We continue our artist highlight of Martin Millar with the interview I conducted with him via email. You can check out his graphic design work in part 1 of our feature, and you can see the continued interview where we discuss his work on indie game soundtracks in part 3.
- Part 1 - Martin Millar artist highlight
- Part 3 - Musician/Composer interview
- Part 4 - Indie Game Soundtracks
Unique Drops: How did you get your start in the arts?
Martin Millar: Art has always been in my life and at a very early age. My mum would have been a huge influence, as young as 7 or 8 I have fond memories of her drawing from the Beano and Dandy comics and then telling me “now you try!” I think this healthy competition that we had going on was defiantly the start plus it was my first introduction to the comic world, which later evolved into me reading 2000ad, Manga and various graphic novels from the time. Another big influence at the time would have been the superb game box artwork from Bob Wakelin all of the great cover artwork from Oli Frey.
UD: Did you attend school to pursue art, or are you self taught?
MM: I knew from an early age I wanted to mix my two loves (art and computers) so after a bit of research when I was a teenager I was delighted that Graphic Design was a proper career path that I could pursue. At the time when I was 16/17 I was hoping to “do graphics for games” though unfortunately in the mid to late 90s there wasn’t much on offer course or degree wise. I studied 4 years of Graphic Design in Ireland and done a degree in Interactive Multimedia in England. The graphic design course was great as I was taught the basics of design but as new packages such as Photoshop and Illustrator were just slowly coming in and technology was improving there was a punk like attitude among a few of us were the was a feeling that we were self-teaching and experimenting in a new abstract way with this new medium. The Interactive Multimedia course was so much fun as it was wetting my appetite into animation, music, design and games which I just lapped up.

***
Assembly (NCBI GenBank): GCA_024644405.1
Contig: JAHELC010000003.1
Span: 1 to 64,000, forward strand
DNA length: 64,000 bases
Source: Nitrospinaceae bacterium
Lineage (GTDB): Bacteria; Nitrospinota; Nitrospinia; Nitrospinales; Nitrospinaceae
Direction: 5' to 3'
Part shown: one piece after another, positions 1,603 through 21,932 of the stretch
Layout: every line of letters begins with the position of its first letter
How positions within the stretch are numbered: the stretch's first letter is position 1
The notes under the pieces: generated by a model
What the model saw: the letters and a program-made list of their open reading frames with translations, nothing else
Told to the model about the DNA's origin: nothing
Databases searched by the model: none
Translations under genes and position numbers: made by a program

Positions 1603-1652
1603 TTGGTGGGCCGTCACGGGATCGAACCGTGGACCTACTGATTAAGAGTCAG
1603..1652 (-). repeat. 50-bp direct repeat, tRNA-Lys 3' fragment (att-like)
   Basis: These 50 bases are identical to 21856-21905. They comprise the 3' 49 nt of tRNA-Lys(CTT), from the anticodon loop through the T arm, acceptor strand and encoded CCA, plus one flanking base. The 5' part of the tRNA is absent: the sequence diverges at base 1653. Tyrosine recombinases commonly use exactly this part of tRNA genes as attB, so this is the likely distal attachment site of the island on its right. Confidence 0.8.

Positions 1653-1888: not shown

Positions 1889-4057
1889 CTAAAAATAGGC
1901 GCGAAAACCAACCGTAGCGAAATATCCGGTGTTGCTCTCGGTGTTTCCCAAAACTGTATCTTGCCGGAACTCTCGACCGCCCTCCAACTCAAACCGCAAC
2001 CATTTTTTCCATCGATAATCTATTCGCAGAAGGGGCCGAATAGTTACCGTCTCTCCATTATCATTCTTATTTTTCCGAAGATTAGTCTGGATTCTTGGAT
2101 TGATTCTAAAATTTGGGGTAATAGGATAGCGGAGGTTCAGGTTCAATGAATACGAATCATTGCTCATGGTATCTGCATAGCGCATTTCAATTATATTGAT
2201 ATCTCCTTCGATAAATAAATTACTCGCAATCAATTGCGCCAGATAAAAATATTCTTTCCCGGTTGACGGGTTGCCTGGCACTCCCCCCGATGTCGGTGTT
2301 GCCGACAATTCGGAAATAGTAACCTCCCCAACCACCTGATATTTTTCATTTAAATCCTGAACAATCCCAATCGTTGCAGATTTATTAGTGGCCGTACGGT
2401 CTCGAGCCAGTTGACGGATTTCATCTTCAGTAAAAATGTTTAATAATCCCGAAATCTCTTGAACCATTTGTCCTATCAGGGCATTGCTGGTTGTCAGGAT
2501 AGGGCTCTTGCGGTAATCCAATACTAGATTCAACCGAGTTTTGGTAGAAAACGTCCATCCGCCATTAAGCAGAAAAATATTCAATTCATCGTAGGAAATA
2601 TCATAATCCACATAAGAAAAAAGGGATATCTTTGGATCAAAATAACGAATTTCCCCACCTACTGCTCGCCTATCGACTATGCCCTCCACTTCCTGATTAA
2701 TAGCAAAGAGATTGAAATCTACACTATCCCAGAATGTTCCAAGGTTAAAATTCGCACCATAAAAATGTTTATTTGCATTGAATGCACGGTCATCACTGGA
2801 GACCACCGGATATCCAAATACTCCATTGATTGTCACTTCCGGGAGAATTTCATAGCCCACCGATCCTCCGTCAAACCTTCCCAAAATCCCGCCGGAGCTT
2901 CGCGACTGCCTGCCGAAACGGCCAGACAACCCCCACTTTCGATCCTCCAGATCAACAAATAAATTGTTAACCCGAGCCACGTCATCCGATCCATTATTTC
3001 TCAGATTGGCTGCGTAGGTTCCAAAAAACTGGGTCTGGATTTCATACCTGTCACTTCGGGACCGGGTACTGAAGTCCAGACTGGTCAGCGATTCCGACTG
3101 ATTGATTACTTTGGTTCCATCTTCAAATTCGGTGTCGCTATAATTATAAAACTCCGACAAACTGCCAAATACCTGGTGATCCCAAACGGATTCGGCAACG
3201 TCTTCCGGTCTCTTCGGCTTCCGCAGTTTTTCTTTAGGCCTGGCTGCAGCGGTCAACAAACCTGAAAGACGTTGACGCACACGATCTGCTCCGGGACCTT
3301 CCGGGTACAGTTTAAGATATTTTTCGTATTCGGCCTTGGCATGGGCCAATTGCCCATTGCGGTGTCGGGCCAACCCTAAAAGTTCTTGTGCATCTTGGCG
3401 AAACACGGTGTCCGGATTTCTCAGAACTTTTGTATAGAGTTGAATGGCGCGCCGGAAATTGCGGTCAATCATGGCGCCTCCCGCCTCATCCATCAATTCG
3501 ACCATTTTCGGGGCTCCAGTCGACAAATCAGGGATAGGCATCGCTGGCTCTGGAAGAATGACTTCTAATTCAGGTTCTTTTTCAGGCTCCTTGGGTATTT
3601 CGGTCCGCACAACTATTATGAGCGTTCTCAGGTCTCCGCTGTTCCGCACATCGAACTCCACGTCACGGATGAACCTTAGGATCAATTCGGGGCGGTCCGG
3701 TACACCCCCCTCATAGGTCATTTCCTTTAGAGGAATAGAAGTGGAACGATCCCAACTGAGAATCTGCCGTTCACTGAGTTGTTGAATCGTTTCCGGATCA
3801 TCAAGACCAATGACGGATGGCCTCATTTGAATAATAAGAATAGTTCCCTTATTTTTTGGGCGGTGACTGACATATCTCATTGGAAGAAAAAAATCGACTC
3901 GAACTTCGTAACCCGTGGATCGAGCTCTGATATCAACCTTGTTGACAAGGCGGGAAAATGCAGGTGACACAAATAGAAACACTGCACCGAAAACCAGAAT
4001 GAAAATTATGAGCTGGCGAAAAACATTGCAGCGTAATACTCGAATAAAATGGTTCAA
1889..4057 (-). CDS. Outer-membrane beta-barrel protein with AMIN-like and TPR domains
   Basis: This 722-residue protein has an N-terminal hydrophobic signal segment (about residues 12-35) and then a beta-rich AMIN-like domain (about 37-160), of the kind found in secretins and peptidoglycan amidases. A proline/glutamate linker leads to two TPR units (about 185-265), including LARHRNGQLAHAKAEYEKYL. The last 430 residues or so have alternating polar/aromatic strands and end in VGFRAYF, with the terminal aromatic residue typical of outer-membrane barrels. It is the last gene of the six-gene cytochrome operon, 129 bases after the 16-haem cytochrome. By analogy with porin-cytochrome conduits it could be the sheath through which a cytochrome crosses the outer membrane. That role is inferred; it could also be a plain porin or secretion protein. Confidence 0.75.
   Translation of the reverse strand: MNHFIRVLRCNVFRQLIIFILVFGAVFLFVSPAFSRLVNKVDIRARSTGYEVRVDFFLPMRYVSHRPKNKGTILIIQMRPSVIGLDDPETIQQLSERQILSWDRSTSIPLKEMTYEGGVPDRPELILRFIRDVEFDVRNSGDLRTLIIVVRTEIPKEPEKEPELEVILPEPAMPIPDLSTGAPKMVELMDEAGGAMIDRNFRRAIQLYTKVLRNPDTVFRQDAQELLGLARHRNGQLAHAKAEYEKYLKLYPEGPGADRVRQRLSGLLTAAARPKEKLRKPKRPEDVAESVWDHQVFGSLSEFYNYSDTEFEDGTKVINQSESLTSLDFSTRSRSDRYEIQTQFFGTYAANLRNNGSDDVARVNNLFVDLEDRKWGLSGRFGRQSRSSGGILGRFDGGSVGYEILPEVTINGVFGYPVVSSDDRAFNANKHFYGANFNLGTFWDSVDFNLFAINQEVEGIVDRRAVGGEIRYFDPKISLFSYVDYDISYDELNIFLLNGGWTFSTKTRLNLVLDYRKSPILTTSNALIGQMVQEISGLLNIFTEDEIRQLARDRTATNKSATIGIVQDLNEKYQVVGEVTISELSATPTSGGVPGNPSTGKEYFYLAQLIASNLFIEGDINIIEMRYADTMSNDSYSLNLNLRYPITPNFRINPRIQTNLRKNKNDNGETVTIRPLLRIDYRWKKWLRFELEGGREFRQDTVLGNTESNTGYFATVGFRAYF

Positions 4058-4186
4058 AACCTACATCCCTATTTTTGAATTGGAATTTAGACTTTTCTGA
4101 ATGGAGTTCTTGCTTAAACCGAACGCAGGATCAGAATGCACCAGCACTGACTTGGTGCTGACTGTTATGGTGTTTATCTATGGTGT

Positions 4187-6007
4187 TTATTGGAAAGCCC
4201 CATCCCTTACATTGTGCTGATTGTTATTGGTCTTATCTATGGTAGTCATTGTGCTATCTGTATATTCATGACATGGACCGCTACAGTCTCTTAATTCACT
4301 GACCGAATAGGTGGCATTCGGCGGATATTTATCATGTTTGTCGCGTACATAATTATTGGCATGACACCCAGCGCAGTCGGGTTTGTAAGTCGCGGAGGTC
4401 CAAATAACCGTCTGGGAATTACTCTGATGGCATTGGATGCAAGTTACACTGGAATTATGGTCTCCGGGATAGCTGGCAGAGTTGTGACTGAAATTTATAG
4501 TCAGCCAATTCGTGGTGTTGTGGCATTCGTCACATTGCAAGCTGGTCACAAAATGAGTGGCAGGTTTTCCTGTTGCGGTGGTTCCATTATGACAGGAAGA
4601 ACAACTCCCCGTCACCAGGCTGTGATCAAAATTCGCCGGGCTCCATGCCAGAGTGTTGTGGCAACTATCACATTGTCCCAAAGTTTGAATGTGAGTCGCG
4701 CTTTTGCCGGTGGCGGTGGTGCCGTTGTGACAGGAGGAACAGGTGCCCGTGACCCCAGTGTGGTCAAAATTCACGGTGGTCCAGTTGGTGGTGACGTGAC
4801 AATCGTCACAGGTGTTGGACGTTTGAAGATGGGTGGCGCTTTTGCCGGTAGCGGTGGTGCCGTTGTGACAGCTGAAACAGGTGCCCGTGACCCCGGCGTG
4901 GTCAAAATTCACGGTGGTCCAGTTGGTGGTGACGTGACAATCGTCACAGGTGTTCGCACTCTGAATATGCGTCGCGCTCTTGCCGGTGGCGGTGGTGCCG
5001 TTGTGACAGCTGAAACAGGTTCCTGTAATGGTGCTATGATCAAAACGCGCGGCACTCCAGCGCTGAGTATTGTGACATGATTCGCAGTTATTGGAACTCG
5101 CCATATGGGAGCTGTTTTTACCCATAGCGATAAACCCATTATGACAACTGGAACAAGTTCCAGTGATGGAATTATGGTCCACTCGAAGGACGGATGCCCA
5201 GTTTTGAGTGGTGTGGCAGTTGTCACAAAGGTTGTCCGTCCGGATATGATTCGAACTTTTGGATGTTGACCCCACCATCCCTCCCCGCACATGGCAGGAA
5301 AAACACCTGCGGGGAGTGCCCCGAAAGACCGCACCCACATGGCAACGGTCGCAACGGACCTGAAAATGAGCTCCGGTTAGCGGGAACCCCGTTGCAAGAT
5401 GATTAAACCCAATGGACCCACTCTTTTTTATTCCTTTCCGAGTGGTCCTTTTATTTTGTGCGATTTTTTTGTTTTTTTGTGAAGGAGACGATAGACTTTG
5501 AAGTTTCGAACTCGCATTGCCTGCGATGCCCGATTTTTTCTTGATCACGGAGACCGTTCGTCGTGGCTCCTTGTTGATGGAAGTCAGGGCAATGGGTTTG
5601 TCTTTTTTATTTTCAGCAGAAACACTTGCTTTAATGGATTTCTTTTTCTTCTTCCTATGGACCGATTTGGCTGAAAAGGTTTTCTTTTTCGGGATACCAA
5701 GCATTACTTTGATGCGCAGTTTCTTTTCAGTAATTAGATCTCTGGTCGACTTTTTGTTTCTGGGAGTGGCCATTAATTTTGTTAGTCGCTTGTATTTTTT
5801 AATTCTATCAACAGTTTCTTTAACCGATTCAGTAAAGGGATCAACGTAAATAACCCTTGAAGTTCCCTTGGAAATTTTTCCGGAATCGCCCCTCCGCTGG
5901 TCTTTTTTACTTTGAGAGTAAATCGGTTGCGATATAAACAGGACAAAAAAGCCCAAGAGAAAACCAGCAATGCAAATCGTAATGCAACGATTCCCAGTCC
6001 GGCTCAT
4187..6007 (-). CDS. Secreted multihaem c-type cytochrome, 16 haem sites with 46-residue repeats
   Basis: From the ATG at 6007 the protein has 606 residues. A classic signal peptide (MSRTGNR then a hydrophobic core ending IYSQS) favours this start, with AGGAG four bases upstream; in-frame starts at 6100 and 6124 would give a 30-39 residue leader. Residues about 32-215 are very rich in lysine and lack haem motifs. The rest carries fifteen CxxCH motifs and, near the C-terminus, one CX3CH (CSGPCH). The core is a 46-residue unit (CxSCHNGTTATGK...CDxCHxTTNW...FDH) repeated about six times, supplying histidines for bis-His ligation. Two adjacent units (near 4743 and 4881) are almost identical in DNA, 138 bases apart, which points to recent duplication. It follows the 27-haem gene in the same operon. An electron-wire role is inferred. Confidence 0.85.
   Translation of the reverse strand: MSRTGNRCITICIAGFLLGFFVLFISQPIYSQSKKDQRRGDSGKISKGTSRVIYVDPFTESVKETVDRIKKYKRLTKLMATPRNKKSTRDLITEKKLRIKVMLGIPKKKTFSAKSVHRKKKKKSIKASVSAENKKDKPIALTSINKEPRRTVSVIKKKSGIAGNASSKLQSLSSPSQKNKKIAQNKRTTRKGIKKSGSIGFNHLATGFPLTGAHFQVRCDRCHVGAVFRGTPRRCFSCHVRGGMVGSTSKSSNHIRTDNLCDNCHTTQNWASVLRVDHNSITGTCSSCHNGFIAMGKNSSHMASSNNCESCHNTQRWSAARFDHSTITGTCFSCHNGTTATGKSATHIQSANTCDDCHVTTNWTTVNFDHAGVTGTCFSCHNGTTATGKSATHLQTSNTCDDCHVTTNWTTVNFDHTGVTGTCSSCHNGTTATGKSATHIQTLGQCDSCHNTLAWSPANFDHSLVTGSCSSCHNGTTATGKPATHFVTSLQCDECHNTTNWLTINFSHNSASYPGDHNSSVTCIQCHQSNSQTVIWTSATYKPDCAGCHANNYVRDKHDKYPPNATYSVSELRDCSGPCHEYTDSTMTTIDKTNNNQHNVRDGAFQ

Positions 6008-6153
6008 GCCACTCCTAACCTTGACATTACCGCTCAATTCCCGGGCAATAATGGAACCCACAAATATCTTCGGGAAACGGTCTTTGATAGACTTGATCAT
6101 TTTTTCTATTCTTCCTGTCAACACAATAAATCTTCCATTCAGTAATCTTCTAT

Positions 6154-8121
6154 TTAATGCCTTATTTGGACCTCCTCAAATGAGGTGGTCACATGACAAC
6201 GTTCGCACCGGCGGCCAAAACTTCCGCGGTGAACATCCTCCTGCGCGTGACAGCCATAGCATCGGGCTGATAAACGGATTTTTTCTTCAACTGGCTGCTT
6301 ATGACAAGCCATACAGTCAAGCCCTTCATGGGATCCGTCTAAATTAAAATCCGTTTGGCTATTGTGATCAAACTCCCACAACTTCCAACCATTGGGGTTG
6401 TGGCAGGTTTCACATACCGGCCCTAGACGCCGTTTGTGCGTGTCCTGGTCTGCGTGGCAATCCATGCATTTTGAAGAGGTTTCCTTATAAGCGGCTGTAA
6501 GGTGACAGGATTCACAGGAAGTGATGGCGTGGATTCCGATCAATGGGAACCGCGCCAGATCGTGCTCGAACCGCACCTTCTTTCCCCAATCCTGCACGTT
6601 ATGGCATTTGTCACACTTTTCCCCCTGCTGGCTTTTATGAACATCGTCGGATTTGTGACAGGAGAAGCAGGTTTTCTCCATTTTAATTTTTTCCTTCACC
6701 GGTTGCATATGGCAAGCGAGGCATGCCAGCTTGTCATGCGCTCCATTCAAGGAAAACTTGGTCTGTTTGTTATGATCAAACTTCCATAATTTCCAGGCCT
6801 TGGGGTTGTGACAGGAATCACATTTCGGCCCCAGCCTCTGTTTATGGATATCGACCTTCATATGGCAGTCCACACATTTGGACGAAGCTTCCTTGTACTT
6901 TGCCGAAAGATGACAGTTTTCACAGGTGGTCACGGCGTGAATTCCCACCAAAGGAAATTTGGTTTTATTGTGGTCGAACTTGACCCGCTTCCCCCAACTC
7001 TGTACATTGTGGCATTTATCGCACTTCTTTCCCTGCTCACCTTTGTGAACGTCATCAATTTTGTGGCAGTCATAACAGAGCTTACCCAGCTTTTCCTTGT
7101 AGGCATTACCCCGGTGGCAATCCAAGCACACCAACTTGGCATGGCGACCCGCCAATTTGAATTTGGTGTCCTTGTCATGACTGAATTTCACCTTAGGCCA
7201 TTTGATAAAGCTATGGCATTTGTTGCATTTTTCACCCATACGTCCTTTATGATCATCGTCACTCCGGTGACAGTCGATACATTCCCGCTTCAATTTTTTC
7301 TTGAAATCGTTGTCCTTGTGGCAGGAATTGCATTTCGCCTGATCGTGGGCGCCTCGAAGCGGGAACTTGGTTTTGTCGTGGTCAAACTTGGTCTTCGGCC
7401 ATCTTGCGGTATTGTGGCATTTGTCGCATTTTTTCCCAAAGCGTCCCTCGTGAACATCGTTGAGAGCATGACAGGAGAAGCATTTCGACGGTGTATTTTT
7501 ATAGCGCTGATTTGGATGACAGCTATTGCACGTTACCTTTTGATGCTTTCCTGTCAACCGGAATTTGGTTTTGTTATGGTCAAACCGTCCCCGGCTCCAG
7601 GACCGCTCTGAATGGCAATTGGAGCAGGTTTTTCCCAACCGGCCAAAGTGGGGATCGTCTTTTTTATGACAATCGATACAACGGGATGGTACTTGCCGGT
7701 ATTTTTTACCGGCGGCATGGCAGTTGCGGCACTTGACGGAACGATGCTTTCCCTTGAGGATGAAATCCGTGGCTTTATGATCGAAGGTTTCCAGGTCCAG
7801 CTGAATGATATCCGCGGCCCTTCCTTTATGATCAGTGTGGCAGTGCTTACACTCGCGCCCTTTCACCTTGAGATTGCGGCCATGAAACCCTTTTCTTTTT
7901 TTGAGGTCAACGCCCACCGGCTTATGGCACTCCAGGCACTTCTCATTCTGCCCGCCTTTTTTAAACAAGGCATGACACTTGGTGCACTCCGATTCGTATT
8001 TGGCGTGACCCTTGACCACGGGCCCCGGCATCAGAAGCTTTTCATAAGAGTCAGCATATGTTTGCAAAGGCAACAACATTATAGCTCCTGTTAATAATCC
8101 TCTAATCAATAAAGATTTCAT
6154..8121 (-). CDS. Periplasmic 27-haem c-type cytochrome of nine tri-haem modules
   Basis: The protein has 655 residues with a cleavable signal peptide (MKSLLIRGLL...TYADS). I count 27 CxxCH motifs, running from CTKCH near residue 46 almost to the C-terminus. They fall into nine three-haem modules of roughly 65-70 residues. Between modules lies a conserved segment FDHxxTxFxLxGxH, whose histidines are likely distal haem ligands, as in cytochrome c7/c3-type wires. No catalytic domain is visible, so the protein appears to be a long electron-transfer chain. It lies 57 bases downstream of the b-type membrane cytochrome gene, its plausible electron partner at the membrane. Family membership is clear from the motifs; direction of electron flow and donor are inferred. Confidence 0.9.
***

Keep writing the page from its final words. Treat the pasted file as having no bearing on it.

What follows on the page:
UD: Share with us some of your artistic influences: Is there a particular artist, or a decade, or a aesthetic, etc. you gravitate towards?
MM: As mentioned above for my illustration work Wakelin and Frey were a huge influence married with a love of H.R. Giger, Syd Mead and more recently Kilian Eng. For my design work and Slippytee images a few influences come to mind. First up Japanese game artwork and packaging from any year on any system, they just (in my opinion) have always and still do get it right compared to the US and Europe releases. The bright bold colouring, thick black outline of beautifully simplified but yet striking artwork still amazes me (and I am a sucker for it when shopping on eBay haha) 80s VHS artwork would be another, just that retro futurism look that was going on back then plus if the cover was more destroyed and eroded it just added to the overall aesthetic for me. Finally The Designers Republic, the first time I seen their work with the first Wipeout game on the Playstation and all of the cover design work they were doing for the record label Warp I instantly fell in love. Again their simplistic yet stunning iconography and logos, mixed with fun and irony are all elements I try to have in my own designs.
UD: What is the genesis of Slippytee?
MM: Slippytee clothing basically started with me loving so many video games but yet I was frustrated that its audience was still being treated like children (when it came to the fashion / apparel world anyway) My generation has already been through the “oh you’re one of those gamer nerd type geeks” look of disgust, but I think people are slowing realising that the ‘nerds’ are ruling the world, the gaming industry is not going anywhere anytime soon (in fact its giving other forms of medium a run for their money) and those who got sneered at when younger are now in the 35 – 45 bracket and guess what? We still love our games. So in my head I was frustrated that there wasn’t any (at the time) T-shirts or clothing range that presented the games I loved in a respectful manner, if you were 10 years old and wanted a Sonic or Mario T-Shirt it was all good tho ha.